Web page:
The Telegraph
Since 1st March, 1999
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Green light for rapid transit
- Skyrails, trolleybuses from Japan, Canada to replace dated vehicles
Chief minister Buddhadeb Bhattacharjee is greeted by transport minister Subhas Chakraborty on his arrival, amid tight security, to inaugurate the AJC Bose Road flyover on Tuesday morning. Picture by Pradip Sanyal

No entry for chaos and crawl; free passage for space and speed. Introducing improved modes of transport and traffic management is up priority street for the government.

This was made clear at the inauguration of the city’s longest flyover, on AJC Bose Road. Chief minister Buddhadeb Bhattacharjee said talks were on with the governments of Japan and Thailand to improve modes of surface transport in the city.

“Surface transport in Calcutta is very weak. Trams and buses here are dated,” said chief minister Bhattacharjee.

“We are thinking of introducing skyrails and trolleybuses. Calcutta needs to concentrate on alternative modes of transport, like the Metro Railway, flyovers and water routes, as the city has only six per cent of road space where, ideally, it should be 20 per cent,” added transport secretary H.P. Roy.

Trolleybuses are powered by electricity drawn from overhead cables, but do not move on fixed tracks like trams. Skyrails are light rail transit (LRT), moving on an elevated corridor.

The government is discussing the possibility of bringing in these two modes of transport, with Canadian and Japanese collaboration.

Construction of an “east-west corridor” to connect Ramrajatala, Howrah, BBD Bag, Sealdah, Salt Lake and Rajarhat, right up to Dum Dum airport, comprising both underground and overground systems, is being discussed with the Japanese government.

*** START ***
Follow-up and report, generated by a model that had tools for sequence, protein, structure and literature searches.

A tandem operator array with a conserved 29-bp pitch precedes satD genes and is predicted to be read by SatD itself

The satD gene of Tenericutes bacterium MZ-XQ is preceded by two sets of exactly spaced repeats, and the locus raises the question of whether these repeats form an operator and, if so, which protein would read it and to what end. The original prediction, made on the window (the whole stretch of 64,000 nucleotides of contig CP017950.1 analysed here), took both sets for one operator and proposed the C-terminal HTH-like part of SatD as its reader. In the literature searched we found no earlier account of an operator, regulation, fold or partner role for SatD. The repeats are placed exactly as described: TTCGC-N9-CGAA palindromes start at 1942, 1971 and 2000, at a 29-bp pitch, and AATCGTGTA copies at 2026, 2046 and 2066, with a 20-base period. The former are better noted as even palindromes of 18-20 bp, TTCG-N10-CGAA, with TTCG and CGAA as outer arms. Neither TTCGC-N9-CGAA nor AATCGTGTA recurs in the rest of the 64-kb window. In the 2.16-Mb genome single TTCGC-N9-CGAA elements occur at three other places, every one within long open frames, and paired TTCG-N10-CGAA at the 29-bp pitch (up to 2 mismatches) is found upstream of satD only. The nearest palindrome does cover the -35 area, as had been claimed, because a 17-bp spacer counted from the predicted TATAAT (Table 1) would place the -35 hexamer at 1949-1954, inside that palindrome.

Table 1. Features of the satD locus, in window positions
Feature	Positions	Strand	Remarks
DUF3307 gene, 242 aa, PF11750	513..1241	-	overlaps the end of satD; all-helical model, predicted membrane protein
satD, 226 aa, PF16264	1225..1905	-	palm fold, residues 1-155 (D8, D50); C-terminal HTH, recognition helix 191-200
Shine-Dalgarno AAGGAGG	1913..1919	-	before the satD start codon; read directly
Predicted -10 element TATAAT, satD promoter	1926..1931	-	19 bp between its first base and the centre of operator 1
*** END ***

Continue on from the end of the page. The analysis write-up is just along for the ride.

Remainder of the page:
Another project, for construction of flyovers, underpasses, subways, modernisation of tram tracks skirting the outer ring of congested areas — from Diamond Harbour Road-Joka up to Barasat-Barrackpore — is currently being discussed with the Thai government.

Bhattacharjee also said the installation of improved traffic signals at all important intersections would lead to fewer accidents in the city. “Specific rules for passengers while crossing roads and improved signals will be introduced first in the BBD Bag area,” he said.

The AJC Bose Road flyover, costing Rs 177.73 crore, is among the four flyovers being constructed in the city with a loan from the Japan Bank of International Cooperation. The 2.448-km-long flyover, constructed by the Hooghly River Bridge Commissioners, took 29 months and four days to complete.

Bhattacharjee, all praise for those involved in “completing the work on time”, said the stretch below the flyover would be completed by November, along with the “beautification work”.

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